Certificate of deposit rates remain relatively flat this week, for the second straight week in a row.
There was some thought among Wall Street-watchers that the U.S. Securities and Exchange Commission’s fraud charges against Goldman Sachs (Stock Quote: GS) would force investors into the “safe haven” of the bond market.
While the news did send the stock market down, with the Standard & Poor’s 500 Index down 2% last Friday and the VIX volatility index spiking upward by 24%, things settled down on Monday. Yesterday’s session saw a 0.45% rise in the S&P 500, suggesting that either Wall Street doesn’t think the government has a case against Goldman Sachs, or it does, but it won’t mean much as the so-called economic recovery casts a huge shadow over the financial markets.
In fact, one could make the case that the larger issue impacting CD rates was news from the Conference Board that its index of leading economic indicators was up last month by 1.4%. That’s the 12th straight month we’ve seen a rise in the Conference Board Index, indicating a slow recovery, but a recovery nonetheless.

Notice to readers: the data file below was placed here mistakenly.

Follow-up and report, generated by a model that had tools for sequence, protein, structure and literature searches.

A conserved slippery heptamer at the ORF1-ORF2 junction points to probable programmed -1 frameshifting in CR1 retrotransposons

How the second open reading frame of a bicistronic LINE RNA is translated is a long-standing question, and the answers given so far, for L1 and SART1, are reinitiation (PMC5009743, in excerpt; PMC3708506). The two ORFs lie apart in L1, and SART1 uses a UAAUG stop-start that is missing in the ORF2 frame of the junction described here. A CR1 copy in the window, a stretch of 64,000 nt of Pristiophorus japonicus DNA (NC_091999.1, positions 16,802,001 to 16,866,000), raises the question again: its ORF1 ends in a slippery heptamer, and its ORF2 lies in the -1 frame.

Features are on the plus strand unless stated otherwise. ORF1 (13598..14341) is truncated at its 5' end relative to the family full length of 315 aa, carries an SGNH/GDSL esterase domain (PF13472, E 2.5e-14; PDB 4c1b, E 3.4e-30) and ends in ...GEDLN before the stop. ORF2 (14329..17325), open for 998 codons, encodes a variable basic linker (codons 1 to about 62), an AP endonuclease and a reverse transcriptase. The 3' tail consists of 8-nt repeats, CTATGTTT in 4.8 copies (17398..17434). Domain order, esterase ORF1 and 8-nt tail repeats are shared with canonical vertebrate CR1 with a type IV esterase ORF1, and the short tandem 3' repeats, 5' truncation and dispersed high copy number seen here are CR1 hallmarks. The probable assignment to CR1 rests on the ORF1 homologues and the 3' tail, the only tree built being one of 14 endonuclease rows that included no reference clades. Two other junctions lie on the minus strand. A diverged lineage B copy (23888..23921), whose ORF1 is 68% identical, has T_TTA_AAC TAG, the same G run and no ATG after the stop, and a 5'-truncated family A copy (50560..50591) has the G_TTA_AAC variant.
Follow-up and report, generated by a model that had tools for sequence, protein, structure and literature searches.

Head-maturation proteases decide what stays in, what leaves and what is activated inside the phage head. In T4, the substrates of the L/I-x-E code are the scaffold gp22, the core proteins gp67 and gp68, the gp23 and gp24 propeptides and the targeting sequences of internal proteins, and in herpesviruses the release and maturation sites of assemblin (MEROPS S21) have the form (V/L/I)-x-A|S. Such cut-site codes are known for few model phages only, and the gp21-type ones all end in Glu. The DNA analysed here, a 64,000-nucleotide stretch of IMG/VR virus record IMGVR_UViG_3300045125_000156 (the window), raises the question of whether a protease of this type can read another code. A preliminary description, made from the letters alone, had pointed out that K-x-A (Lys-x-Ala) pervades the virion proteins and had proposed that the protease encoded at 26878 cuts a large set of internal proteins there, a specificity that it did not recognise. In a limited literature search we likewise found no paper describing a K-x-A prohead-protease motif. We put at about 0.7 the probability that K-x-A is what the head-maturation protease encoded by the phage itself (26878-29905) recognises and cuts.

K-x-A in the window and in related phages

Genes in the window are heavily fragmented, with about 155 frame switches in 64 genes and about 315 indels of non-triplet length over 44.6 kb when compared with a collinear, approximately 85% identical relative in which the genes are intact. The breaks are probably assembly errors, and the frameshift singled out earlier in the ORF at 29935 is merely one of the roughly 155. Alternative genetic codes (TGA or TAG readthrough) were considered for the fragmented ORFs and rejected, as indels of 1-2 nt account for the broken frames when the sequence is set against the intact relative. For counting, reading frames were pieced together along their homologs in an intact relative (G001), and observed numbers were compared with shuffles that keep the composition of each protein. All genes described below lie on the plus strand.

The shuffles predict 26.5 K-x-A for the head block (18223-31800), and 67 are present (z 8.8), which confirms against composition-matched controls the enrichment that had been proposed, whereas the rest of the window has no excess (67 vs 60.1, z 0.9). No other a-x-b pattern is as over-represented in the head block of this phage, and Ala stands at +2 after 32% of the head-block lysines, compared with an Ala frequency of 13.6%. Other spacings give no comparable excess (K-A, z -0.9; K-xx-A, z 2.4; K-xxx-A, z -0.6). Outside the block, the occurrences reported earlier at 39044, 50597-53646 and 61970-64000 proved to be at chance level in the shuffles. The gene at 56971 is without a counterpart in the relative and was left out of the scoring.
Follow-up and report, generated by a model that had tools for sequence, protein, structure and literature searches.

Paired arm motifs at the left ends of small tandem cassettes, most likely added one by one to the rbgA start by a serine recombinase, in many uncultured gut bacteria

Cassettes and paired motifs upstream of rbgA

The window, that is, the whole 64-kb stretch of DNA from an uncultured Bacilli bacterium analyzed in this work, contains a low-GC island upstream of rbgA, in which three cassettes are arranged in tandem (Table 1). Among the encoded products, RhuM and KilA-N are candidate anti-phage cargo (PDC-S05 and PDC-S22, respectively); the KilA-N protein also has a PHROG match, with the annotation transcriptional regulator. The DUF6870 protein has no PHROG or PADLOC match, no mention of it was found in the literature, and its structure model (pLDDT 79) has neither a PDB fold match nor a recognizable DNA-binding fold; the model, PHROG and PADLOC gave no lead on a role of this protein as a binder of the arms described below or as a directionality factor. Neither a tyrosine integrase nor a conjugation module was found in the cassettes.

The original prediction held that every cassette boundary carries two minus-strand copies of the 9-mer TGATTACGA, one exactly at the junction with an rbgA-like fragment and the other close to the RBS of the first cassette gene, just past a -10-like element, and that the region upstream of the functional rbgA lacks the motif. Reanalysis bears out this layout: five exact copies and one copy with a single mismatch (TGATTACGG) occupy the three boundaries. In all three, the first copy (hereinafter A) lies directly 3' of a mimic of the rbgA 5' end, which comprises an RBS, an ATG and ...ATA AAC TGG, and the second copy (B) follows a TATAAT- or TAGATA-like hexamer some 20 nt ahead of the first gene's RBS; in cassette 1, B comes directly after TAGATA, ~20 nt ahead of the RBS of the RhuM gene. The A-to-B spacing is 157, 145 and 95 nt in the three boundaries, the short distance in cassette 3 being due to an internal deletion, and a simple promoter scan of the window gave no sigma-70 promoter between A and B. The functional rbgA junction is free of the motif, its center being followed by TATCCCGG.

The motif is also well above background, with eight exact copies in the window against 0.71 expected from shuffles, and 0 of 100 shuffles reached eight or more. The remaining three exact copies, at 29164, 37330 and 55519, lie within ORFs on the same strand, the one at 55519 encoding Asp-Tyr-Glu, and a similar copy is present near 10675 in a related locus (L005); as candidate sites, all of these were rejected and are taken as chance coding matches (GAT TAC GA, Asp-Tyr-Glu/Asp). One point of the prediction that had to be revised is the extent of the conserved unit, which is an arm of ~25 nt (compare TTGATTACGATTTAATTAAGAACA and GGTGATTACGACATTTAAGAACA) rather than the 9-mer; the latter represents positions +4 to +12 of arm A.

It’s no coincidence that the index’s key ingredient is the U.S. stock market, which has risen 79% during the past 13 months, roughly the same upward period marked by the Conference Board numbers.
But bank deposit sellers aren’t convinced yet, especially as Treasury rates fell back during the past two weeks, and that’s why we’re seeing CD rates remain flat for the month of April. The good news is that, last year at this time, CD rates would have been going down, so there is something to be said to an economic shift where rates are at least treading water, waiting for more economic signs to shoot upward again.
That’s the big picture on the CD landscape this week. For the numbers, let’s go to the BankingMyWay Weekly CD Rate Tracker:
Description This Week Last Week
60-Month CD 2.127% 2.117%
48-Month CD 1.816% 1.809%
24-Month CD 1.239% 1.24%
12-Month CD 0.781% 0.783%
Six-Month CD 0.52% 0.522%
Three-Month CD 0.336% 0.335%
The CD market seems to be caught in the middle of a balancing act. With stocks up and Treasury prices down, CD rates don’t seem to have a long-term launching pad.
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